Do you know anyone who has the same condition?

I do know a few friends who have psoriasis and they have been very supportive and recommended me treatments and shared ways they deal with their condition, which I have really appreciated. 

What would your advice be to anyone who is dealing with an invisible illness?

My advice to people suffering from invisible illnesses would be that it’s okay to ask for help as keeping your feelings inside only damages you more. Don’t feel like you have to face it alone and shrink into yourself, or that no one will care. The more you talk to people about your illness, the more awareness you spread, and the more people you will find to support each other.

What would your advice be to people who are trying to help someone with an invisIble illness?

If you are trying to help someone with an invisible illness, just let them know that you care and you support them. That’s the best thing you can do. 

DID YOU KNOW??

-Up to 1.8 million people in the UK have psoriasis.

-Approximately one third experience depression and anxiety.

CLICK HERE for more info.

Thank you Kathy for sharing your story, I really felt your pain when i was editing this post, and I really understand why you would’ve thought you were the one to blame, as when we have chronic illnesses, we tend to look for why it’s there and why it happened. We tend to blame ourselves if there’s nothing else there to blame, but honestly it’s not your fault. Carry on trying to do everything you can to manage your illness and then tell your self, ‘I’m proud of myself for trying!’. Everything really does happen for a reason, and the way i see it with my illness, is that it happened to me to make a change for other people. See if you can find the positives, and i know that’s hard!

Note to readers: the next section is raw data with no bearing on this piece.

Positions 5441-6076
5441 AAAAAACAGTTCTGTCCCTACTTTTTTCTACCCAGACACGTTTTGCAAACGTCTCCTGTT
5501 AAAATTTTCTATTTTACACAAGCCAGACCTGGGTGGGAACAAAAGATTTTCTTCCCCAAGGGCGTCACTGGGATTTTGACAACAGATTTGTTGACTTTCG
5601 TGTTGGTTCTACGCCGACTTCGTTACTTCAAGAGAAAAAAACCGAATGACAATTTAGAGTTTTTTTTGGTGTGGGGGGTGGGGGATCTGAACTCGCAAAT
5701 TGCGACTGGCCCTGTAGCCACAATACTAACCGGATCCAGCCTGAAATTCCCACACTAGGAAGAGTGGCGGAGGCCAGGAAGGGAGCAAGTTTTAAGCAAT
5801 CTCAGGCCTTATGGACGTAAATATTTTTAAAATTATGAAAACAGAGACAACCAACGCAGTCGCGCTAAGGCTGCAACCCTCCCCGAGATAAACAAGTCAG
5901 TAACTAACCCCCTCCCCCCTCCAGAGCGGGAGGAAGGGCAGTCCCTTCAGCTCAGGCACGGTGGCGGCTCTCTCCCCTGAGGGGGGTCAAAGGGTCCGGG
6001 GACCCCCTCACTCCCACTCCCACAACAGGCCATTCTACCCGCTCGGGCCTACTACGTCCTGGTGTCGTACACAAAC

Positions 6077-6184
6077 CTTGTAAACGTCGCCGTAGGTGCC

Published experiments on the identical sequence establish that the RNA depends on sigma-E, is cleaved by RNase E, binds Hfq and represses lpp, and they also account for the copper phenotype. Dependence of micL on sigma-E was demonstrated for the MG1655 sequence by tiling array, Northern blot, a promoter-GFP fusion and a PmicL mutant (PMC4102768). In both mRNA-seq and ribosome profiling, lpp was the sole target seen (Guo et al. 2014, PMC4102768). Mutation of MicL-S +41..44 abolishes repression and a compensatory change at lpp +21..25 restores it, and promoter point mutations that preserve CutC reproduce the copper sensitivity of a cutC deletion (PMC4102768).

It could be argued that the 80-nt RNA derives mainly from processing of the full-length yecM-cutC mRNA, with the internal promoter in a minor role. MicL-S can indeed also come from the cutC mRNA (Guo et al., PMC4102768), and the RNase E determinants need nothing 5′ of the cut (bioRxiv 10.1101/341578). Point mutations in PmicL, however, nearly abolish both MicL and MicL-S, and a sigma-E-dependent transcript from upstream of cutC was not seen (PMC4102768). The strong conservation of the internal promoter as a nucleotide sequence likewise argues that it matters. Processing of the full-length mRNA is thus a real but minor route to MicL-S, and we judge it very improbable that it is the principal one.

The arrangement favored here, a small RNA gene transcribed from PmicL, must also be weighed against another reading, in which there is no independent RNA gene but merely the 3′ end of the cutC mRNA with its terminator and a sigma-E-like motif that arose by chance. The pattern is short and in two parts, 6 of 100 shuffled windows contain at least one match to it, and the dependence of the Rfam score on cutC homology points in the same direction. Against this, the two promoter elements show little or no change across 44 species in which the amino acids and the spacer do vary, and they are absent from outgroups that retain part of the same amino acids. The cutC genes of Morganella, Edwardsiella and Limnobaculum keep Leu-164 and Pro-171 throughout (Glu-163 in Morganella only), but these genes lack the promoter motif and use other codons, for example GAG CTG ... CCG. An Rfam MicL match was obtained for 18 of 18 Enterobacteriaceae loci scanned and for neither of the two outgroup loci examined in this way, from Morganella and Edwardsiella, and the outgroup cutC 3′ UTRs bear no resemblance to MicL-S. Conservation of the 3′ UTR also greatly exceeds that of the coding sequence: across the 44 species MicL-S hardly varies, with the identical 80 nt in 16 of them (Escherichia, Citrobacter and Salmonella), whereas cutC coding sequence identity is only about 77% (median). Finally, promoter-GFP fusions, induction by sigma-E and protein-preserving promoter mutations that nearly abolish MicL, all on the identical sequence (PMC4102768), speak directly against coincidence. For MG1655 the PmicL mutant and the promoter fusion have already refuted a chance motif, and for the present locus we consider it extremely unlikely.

Always here Kathy, and i’m sure a lot of other people around you are to! Thank you again for letting me share this,

Will hopefully be posting some more stories soon,

Stay tuned, and i hope you enjoyed the read.

Naz x x